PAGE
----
Rosie: I try to honour my parents by helping others. I do volunteer work, spending time with elderly women. I think they are one of our society’s most undervalued resources. They are so emotionally intelligent they can read minds.
KALTBLUT: Also I wanted to ask you about fashion…
Rosie: Honestly I love fashion but I’m really out of it at the moment. Where I live in Ireland is not fashionable.
KALTBLUT: I see. And do you feel styling and grooming are part of your life as a woman, or as an artist?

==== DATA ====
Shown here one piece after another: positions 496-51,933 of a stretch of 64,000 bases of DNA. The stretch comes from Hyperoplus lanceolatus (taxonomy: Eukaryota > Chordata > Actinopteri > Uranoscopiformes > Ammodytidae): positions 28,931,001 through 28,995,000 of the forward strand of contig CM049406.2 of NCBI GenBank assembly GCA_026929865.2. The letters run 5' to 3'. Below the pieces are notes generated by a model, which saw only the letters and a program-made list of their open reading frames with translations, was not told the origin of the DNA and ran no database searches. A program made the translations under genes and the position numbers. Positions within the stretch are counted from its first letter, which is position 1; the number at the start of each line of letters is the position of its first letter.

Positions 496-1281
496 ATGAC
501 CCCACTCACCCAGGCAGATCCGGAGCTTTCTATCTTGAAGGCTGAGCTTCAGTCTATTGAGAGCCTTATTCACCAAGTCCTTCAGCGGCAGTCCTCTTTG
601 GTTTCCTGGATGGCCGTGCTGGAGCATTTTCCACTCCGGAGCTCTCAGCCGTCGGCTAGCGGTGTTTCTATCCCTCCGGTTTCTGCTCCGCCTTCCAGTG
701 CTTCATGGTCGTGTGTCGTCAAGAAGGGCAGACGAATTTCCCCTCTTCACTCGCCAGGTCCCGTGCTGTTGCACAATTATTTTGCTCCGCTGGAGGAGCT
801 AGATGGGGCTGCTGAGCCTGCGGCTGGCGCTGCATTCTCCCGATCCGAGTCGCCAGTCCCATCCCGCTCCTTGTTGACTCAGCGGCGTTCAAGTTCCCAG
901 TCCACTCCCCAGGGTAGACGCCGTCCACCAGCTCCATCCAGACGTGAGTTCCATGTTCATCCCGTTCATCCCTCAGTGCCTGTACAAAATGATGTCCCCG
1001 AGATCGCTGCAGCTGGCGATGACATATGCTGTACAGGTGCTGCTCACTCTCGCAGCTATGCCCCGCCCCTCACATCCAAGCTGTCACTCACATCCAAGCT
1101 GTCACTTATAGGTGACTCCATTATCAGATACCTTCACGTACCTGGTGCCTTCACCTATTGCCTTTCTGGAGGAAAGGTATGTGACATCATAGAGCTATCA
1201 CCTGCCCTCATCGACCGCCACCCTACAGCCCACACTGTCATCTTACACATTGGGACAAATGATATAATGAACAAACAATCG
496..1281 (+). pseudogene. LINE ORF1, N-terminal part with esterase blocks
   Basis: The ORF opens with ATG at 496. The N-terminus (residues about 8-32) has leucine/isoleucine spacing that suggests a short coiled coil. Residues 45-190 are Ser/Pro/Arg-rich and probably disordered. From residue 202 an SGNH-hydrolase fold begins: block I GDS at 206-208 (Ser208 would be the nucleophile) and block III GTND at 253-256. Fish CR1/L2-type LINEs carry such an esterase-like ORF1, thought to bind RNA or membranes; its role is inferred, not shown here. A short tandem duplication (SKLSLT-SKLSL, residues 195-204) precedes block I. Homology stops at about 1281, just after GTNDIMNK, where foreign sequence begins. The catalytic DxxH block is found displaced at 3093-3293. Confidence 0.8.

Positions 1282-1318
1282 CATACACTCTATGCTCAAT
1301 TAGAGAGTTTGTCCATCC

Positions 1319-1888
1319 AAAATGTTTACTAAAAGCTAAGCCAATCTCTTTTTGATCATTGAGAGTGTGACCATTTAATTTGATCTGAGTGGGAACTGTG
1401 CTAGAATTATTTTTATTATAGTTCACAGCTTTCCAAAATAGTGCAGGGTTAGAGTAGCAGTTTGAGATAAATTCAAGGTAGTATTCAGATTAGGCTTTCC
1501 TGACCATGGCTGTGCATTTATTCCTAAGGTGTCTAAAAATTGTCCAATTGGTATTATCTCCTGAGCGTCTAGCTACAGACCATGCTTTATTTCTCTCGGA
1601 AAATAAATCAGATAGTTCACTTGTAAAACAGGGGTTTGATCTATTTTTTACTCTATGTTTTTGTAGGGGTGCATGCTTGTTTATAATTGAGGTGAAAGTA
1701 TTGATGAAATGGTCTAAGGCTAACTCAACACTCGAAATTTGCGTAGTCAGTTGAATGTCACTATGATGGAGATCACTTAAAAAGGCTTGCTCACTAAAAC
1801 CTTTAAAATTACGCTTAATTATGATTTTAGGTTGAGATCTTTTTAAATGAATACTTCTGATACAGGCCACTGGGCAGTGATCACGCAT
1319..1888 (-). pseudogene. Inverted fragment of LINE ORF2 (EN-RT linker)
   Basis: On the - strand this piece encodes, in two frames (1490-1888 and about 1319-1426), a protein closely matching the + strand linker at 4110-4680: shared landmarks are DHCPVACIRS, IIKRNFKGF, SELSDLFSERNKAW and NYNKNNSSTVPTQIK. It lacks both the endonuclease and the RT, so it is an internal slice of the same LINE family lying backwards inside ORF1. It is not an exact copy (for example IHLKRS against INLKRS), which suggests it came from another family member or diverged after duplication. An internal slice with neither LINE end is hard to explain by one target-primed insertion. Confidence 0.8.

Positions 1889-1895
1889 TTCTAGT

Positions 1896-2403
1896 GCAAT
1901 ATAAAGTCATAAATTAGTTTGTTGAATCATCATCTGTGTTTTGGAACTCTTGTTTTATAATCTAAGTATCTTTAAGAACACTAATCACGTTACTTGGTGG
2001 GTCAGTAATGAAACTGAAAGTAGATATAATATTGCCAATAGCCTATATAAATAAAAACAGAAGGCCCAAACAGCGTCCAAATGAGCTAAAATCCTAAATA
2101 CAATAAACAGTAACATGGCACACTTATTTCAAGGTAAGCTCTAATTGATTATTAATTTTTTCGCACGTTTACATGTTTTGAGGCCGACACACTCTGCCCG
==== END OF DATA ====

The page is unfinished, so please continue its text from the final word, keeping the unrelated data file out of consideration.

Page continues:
Rosie: So much depends on your perspective. I’m a person who likes to experience a wide range of perspectives. I don’t really see one as right and another as wrong. Here’s a really tiny example. I have a really normal day job at the moment working for a makeup company. Some girls and women focus an enormous amount of their energy on their physical appearance and there are all these rules. Some freak out when their nails grow out an extra week and need filled. And they say ‘Omg my nails are terrible! Please forgive me for these nails!’ To me it feels restrictive and is a barrier to broadening your experience. Like, when you have your nails on you cannot play an instrument. In that sense I want women to be rid of it. But at the same time, I am feminine and I love being feminine. Everything has to be a balance. I always think of Dolly Parton, who has an assistant open-tune her guitar so she can just play bar chords, thus preserving her manicure. In the last two years I feel like I’ve become more and more obsessed with my appearance. I think it’s just about survival and feeling in control. Losing both parents is very destabilising. I do not have my own family to cushion the blow so I feel like I gotta stay on my toes and when I’m fierce, it really helps me get through the day. I mean that very sincerely. But I struggle so, so hard to reconcile the necessary sacrifices it takes to be an artist with the profound need within me for safety and structure and family. I need to believe it’s possible to be an artist but also be settled.